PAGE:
You have to do some things by yourself. This is largely a matter of experimentation: adjust your charges a bit, see how the water interactions are affected, adjust them again, repeat ad nauseum
... As the CHARMM run takes mere seconds, you can do several of these cycles per minute if you organize yourself a bit.
Deviation of 2 kcal/mol are not
acceptable as such. In general, we aim to get all the interaction energies within 0.2 kcal/mol
, as mentioned in the CGenFF paper and demonstrated in the tutorial. But there are a few exceptions. If you have two water interactions for the same HB acceptor
, then in some cases
it is impossible to get them all right, because any adjustment of the charges will affect both of them in the same direction. If that's the case
, then one should either
go for the strongest interaction, or
make a compromise between the two interactions. To decide whether to make a compromise or go for the strongest, you look at the difference between the two QM interaction energies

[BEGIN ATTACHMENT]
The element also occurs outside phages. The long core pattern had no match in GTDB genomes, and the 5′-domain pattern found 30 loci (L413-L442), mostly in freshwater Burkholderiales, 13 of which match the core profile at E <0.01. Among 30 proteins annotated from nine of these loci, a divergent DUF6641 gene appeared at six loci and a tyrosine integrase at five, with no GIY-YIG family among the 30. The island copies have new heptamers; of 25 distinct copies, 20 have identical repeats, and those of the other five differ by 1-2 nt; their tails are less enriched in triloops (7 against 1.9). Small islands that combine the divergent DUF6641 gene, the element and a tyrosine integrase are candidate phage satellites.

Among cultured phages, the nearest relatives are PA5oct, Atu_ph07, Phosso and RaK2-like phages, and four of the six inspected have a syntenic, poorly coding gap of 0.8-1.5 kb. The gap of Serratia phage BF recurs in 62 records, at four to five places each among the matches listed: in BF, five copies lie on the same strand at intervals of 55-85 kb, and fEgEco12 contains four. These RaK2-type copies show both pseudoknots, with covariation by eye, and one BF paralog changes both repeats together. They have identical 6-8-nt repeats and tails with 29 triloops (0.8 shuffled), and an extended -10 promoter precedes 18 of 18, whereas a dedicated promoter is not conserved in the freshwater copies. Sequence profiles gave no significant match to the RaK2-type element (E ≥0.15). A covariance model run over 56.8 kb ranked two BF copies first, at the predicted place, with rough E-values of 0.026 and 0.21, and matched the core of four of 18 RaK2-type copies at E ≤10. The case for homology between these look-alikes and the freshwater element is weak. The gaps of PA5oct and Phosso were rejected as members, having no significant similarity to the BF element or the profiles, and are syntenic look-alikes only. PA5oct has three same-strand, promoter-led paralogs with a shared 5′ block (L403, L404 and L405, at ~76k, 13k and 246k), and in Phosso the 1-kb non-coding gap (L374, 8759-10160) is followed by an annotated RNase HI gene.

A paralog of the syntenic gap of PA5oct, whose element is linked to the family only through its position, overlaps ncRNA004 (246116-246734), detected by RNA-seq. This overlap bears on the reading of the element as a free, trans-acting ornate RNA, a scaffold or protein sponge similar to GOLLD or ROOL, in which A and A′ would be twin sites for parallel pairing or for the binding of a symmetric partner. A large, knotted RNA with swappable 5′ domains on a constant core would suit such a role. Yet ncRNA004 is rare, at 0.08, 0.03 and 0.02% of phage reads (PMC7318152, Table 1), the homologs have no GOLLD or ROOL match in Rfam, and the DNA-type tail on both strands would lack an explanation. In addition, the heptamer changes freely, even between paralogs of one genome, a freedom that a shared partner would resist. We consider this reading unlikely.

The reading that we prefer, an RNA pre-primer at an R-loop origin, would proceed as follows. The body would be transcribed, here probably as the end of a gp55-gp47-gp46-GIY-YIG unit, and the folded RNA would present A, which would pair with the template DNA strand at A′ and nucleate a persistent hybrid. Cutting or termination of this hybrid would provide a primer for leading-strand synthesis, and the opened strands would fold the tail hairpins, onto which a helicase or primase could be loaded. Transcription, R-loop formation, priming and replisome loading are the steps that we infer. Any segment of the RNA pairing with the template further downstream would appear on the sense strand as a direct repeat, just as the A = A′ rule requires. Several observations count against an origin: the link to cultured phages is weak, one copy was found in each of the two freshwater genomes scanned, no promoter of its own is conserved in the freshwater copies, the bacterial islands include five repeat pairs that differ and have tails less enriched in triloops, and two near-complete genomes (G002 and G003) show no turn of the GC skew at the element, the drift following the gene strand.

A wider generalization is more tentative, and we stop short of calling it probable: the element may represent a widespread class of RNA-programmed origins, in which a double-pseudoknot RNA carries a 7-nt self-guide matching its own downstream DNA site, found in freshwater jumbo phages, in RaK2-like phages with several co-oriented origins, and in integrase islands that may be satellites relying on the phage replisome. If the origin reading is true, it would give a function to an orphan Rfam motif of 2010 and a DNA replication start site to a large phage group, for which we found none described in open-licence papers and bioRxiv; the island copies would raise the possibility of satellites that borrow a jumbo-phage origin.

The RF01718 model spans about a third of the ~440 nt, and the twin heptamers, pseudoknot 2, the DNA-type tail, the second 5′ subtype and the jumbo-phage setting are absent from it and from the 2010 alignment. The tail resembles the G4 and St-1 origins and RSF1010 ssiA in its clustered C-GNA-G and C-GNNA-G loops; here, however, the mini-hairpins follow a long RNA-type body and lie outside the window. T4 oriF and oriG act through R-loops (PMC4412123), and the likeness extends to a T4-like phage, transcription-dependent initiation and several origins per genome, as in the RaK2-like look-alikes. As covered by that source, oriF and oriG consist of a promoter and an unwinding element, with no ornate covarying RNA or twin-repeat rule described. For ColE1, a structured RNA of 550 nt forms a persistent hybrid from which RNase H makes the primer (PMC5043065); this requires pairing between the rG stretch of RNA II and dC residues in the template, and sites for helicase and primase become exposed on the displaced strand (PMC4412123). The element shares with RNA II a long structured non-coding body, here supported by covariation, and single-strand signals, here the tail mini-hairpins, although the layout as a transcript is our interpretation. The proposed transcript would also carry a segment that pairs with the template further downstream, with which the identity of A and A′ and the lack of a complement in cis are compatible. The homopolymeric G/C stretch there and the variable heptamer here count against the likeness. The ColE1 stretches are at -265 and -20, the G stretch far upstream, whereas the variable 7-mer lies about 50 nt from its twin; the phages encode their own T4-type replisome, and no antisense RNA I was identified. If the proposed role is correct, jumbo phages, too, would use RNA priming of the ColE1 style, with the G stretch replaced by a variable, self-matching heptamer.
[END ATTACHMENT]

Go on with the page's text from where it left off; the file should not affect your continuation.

, and see if it's lower or higer than 2 kcal/mol; see my previous post. But there are cases in which you can get both of them right - I'd recommend you play with the balance of charge between the 3 carbons and see what the effect is.
iii) keep the same charge on the methyl hydrogens?
Yes, they should be kept at 0.09. And the two carboxylate oxygens should always be given the same charge because they're chemically equivalent. And the total charge of the molecule should be kept at -1 at all time. This can be most easily accomplished by shifting charge around. For instance, you could try to subtract 0.02 charge units from each of the carboxylate oxygens (making them more negative) and move the resulting 2x0.02=0.04 charge units onto the carboxylate carbon (making it more positive).
As this leaves you only 4 degrees of freedom, this is a really easy assignment to begin with.
The initial guess water interactions look not too bad to begin with; in fact, the ones on O2 and O12 look pretty good. But do play around with the charges a bit, you might get them better. Keep an eye on the dipole moments while doing so; we want to overestimate them a bit (although they're less important than the interaction energies, especially for charged systems). And try to keep the charges physical; it's sometimes tempting to run off in an unphysical direction. If you're not sure about what's physical, try to not deviate more than 0.1 or 0.2 charge units from your Merz-Kollman initial guess.